At the age of 92, Diana Athill, British editor and author, closed down the flat where she had lived for many years and moved to a single room in a retirement home. Writing recently about her new downsized life, she said: . . .
Nothing in the room is here out of habit, or because it was given me by dear old so-and-so, or because I couldn’t be bothered to get rid of it. Everything, from the carpet to the biscuit tin and including of course the too-many pictures, ornaments and books, is here because, however uninteresting it might be to others, I love it. It’s as though ‘possessing’ has been distilled down from being a vague pleasure to being an intense one: less is more.
I was reminded of another quote: “Have nothing in your house that you do not know to be useful, or believe to be beautiful” That was from William Morris, an English architect, furniture and textile designer associated with the English Arts and Crafts Movement.
I watched two friends struggle with downsizing for a move to smaller quarters, and saw how difficult it was to get rid of possessions that have accumulated over a long period of time. It made me look around my own house and see an accumulation of stuff that was neither beautiful nor useful. At the time, I had no intention of moving to smaller quarters, but still I got motivated to eliminate some of this stuff that I no longer had any use for. I vowed that when the time comes, I will have already found homes for it all, and won’t have to resort to indiscriminate dumpsterizing.
Some things are easy to get rid of – old papers and magazines, books I will never read again, kitchen gadgets rarely used, clothes that no longer are appealing. (The clothes that no longer fit are a different story – they represent hope – of a leaner, more attractive self). This is a clue as to why this is so difficult: Some of our clutter represents our identity, our dreams, or image of self, our hopes for future (hopefully thinner) selves.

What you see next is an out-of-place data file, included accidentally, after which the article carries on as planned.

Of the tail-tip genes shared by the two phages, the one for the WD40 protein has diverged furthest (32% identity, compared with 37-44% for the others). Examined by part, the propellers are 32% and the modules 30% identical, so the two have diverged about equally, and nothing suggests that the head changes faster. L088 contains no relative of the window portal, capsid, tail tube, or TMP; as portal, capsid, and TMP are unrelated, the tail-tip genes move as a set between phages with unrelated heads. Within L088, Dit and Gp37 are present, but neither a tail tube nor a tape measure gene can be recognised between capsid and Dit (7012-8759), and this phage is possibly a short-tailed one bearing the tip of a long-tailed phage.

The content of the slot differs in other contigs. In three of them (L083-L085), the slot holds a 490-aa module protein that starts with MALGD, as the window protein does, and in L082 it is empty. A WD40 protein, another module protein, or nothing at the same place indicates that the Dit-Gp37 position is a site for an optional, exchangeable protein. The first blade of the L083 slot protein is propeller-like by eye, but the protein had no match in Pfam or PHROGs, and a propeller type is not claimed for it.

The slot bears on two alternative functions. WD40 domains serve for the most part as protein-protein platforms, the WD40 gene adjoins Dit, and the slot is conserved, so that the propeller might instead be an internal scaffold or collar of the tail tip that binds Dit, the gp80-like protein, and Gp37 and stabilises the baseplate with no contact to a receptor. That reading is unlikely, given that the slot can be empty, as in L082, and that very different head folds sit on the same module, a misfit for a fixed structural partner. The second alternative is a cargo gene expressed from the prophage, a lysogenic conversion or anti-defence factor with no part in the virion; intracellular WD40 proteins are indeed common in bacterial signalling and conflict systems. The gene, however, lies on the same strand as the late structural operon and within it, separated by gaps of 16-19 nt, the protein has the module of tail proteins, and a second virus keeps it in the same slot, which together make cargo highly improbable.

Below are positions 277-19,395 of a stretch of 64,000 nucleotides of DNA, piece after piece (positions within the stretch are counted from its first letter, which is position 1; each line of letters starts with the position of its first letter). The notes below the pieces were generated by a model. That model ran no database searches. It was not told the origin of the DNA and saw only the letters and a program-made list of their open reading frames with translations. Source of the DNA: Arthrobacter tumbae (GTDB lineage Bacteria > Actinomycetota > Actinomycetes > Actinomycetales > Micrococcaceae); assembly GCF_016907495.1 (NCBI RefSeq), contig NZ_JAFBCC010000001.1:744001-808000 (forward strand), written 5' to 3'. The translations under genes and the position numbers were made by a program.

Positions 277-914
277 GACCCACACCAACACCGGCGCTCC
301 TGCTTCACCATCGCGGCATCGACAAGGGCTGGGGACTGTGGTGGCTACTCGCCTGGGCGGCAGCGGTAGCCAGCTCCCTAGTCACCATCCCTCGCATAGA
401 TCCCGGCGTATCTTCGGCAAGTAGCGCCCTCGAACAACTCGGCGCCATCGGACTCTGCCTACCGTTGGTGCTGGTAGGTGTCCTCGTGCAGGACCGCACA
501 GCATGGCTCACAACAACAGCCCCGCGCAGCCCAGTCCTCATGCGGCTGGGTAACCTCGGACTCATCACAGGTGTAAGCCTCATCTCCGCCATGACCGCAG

Other things will take time to sort through and what to do with them. It looks like an overwhelming task, but I break it down and take it slowly, a drawer or a shelf at a time. I am making progress in the kitchen and a corner of the basement. The files of teaching materials are harder – I put a lot of myself into developing them, and my identity as a college professor is wrapped up there in those file drawers.
Having achieved a few empty drawers and shelves, I resolved to keep them that way. This required a change of thought process and resulting behavior. I see many lovely things in my volunteer time at Ten Thousand Villages, a shop selling handicrafts from third world countries. However, my new mind set is this: Everything that comes into your house sooner or later will have to go out of your house, either by you or by somebody else. Do you really want this item? Usually the answer is NO.
I hope by the time I have to down size, I will be able, like Diana Athill to have distilled my possessions down to only those I love. When I was a child, my mother made me iron my cotton batiste slips. I hated it, thought it a totally useless waste of time. I vowed I would never be ruled by my possessions. Less really is more. Less is freedom.